New American Standard Bible
Or is He speaking altogether for our sake? Yes, for our sake it was written, because the plowman ought to plow in hope, and the thresher to thresh in hope of sharing the crops.
King James Bible
Or saith he it altogether for our sakes? For our sakes, no doubt, this is written: that he that ploweth should plow in hope; and that he that thresheth in hope should be partaker of his hope.
Darby Bible Translation
or does he say it altogether for our sakes? For for our sakes it has been written, that the plougher should plough in hope, and he that treads out corn, in hope of partaking of it.
World English Bible
or does he say it assuredly for our sake? Yes, it was written for our sake, because he who plows ought to plow in hope, and he who threshes in hope should partake of his hope.
Young's Literal Translation
or because of us by all means doth He say it? yes, because of us it was written, because in hope ought the plower to plow, and he who is treading ought of his hope to partake in hope.
1 Corinthians 9:10 Parallel
CommentaryBarnes' Notes on the Bible
Or saith he it altogether for our sakes? - The word "altogether" (πάντως pantōs) cannot mean that this was the "sole" and "only" design of the law, to teach that ministers of the gospel were entitled to support; for:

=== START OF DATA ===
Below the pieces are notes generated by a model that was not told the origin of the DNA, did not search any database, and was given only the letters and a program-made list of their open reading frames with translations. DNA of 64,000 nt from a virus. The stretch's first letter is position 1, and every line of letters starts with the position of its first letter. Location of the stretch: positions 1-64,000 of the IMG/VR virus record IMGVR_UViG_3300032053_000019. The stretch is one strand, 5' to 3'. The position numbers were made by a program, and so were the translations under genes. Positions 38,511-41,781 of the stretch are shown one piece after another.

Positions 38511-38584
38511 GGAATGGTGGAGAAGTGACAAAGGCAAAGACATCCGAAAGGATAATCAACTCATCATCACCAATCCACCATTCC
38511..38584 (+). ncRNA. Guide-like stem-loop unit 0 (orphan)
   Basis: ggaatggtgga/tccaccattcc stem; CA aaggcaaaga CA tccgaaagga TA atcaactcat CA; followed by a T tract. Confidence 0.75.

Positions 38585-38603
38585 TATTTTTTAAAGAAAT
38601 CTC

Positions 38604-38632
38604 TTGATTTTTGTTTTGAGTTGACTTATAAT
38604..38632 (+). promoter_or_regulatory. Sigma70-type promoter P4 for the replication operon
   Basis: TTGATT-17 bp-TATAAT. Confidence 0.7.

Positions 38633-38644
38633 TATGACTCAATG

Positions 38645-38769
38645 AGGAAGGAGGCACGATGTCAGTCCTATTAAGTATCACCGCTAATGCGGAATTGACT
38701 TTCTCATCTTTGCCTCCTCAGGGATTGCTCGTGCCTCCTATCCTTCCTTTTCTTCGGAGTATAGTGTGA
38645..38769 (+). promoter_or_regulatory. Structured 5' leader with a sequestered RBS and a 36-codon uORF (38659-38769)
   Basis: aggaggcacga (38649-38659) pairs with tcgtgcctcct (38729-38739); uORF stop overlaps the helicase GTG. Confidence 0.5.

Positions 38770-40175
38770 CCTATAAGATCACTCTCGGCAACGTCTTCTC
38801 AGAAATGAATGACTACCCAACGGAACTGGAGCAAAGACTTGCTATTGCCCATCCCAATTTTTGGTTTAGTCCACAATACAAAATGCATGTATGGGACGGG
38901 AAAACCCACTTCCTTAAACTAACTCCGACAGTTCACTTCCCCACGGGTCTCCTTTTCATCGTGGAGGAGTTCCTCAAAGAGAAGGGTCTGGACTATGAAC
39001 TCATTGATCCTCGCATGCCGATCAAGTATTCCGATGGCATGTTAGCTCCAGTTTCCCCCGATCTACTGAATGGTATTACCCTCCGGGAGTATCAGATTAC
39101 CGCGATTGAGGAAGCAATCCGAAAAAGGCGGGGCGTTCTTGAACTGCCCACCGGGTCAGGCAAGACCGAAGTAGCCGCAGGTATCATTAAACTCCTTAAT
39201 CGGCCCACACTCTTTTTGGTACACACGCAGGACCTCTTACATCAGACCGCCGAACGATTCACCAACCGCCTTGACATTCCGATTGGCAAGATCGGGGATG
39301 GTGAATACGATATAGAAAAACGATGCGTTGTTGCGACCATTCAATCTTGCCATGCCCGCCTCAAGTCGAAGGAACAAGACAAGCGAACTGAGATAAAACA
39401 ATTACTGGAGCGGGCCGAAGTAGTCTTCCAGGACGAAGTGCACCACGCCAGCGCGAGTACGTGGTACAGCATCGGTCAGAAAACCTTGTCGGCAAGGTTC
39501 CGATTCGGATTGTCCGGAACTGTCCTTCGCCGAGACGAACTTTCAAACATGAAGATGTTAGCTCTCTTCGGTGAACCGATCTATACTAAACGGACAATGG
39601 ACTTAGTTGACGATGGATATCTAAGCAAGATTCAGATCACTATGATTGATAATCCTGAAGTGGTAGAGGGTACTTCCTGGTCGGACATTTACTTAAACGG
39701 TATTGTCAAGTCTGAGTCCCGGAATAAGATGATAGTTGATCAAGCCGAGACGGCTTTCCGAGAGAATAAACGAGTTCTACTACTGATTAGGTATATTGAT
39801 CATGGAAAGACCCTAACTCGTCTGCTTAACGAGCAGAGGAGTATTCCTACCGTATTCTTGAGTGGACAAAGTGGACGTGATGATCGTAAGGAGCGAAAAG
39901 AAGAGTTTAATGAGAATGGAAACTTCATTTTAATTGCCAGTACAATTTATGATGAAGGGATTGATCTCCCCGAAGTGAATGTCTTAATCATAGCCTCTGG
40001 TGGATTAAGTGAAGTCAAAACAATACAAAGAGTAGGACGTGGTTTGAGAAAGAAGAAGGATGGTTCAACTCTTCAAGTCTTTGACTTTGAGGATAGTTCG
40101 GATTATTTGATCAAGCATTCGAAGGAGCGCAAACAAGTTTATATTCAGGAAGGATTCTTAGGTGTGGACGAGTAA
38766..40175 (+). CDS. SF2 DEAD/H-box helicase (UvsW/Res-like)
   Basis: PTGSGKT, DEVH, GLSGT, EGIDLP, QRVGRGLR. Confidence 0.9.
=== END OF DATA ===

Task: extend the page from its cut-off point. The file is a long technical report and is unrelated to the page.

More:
(1) This would be directly contrary to the law itself, which had some direct and undoubted reference to oxen;
(2) The scope of the argument here does not require this interpretation, since the whole object will be met by supposing that this settled a "principle" of humanity and equity in the divine law, according to which it was "proper" that ministers should have a support; and,
(3) The word "altogether" (πάντως pantōs) does not of necessity require this interpretation. It may be rendered "chiefly, mainly, principally, or doubtless;" Luke 4:23, "Ye will 'surely' (πάντως pantōs certainly, surely, doubtless) say unto me this proverb," etc.; Acts 18:21, "I must 'by all means' (πάντως pantōs, certainly, surely) keep this feast; Acts 21:22, "The multitude 'must needs' (πάντως pantōs, will certainly, surely, inevitably) come together," etc.; Acts 28:4, "'No doubt' (πάντως pantōs) this man is a murderer," etc. The word here, therefore, means that the "principle" stated in the law about the oxen was so broad and humane, that it might "certainly, surely, particularly" be regarded as applicable to the case under consideration. An important and material argument might be drawn from it; an argument from the less to the greater. The precept enjoined justice, equity, humanity; and that was more applicable to the case of the ministers of the gospel than to the case of oxen.
For our sakes ... - To show that the laws and requirements of God are humane, kind, and equitable; not that Moses had Paul or any other minister in his eye, but the "principle" was one that applied particularly to this case.